Projection: High - In college he threw a little harder but has sacrificed velocity for movement. The changeup has come along quickly and his slider can be dominant. The changeup has to take the next step. Assessment: Pelzer will be a big part of what will be the Padres' best staff in the minors in 2009 at Lake Elsinore. If he can continue to keep everything down with movement, he may have the best year of any prospect.

7) Chad Huffman
Position: LF
Height/Weight: 6-foot-1, 200-pounds
Age: 23
Bats/Throws: R/R
How Acquired: San Diego, 2006 second-round


Huffman at Spring Training in Peoria, Arizona.
2008 Highlights: Huffman was two hitters, one at home, .256/.365/.343, and one the road, .318/.405/.513. He also absolutely destroys left-handed pitching, hitting .376 against lefties while he was .268 against righties. He's a competent outfielder who saw some time in both right and left fields this year. The Padres believe he is still one of the most disciplined hitter that they have and also know that San Antonio is particularly brutal on right-handed hitters. In an off year he still finished in the Top 10 of the Texas League in doubles.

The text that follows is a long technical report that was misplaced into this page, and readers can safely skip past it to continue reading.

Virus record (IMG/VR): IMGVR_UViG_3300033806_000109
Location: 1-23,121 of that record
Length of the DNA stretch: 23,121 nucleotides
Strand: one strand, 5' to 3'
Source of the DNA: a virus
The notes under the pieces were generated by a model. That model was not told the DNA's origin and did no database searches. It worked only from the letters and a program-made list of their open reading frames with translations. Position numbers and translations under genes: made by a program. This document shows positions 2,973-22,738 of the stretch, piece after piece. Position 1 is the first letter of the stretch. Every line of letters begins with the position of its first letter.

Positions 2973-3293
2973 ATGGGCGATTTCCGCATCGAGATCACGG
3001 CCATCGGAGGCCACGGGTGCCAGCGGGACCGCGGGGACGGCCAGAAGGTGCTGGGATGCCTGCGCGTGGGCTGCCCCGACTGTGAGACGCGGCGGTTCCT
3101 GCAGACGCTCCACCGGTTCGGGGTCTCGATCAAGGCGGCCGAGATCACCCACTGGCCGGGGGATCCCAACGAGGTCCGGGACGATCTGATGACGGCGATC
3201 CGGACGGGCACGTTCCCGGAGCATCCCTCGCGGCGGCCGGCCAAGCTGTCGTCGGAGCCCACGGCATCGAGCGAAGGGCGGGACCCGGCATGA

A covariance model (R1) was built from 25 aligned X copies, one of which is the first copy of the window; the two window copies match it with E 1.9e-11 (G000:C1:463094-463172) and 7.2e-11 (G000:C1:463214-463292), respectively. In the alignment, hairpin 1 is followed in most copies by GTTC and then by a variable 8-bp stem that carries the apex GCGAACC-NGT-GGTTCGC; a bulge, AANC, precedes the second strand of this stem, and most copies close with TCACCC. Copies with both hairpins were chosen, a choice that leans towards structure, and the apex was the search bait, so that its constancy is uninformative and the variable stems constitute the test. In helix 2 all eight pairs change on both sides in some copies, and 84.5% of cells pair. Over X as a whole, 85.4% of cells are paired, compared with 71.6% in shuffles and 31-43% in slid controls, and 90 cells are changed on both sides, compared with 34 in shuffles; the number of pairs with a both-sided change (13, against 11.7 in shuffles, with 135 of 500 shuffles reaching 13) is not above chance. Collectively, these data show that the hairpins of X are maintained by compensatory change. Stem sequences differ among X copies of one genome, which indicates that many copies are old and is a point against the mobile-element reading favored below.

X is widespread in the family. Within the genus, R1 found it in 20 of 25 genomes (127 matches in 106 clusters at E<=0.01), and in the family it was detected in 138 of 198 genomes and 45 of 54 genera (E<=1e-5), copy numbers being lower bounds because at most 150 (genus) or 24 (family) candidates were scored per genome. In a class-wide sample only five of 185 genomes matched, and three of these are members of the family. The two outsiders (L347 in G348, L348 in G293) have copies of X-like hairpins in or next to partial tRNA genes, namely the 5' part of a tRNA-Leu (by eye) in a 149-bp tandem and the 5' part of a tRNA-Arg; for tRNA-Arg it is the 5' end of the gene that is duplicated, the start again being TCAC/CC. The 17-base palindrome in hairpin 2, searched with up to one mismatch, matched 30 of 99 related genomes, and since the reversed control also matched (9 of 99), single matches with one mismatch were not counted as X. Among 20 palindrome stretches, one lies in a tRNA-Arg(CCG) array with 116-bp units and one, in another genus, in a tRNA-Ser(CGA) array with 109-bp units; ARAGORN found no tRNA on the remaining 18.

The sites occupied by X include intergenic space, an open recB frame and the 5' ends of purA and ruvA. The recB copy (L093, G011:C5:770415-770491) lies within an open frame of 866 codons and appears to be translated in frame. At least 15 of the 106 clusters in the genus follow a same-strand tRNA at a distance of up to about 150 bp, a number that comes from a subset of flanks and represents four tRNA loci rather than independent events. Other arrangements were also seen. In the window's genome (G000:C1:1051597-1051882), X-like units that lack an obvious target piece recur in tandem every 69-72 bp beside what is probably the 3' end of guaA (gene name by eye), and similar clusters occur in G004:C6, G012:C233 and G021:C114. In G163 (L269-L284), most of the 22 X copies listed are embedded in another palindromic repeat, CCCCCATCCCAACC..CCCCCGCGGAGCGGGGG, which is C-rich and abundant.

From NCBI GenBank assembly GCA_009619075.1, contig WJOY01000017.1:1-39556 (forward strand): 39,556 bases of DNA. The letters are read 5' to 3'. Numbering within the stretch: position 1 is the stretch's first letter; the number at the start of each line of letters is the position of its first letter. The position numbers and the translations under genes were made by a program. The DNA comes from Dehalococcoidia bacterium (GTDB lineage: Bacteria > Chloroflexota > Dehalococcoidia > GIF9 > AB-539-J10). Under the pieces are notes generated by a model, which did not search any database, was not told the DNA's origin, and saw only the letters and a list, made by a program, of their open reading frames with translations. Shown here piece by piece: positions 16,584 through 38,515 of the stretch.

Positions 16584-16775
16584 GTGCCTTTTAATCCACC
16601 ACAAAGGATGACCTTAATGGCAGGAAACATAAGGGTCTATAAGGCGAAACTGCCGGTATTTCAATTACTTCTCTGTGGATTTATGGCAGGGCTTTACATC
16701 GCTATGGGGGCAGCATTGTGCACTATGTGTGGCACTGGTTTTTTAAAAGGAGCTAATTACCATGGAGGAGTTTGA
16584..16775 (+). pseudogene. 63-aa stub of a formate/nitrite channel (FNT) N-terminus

Negatives: Power, power and more power. He a corner outfielder and is going to have to post at least a slugging percentage in the mid-.500's to have a realistic shot at the starting job in left field, especially with Kulbacki in the picture.

Projection: Medium - A very polished hitter with extremely good plate discipline. Playing in Portland will give him his best chance to show the power numbers that he produced in Eugene and Lake Elsinore. Assessment: Getting out of San Antonio should be the best thing for him, and he, along with Blanks, could be devastating power combination for Portland. The question is will he show enough power to force his way into San Diego in 2010?

8) Matt Antonelli
Position: 2B
Height/Weight: 6-foot-0, 210-pounds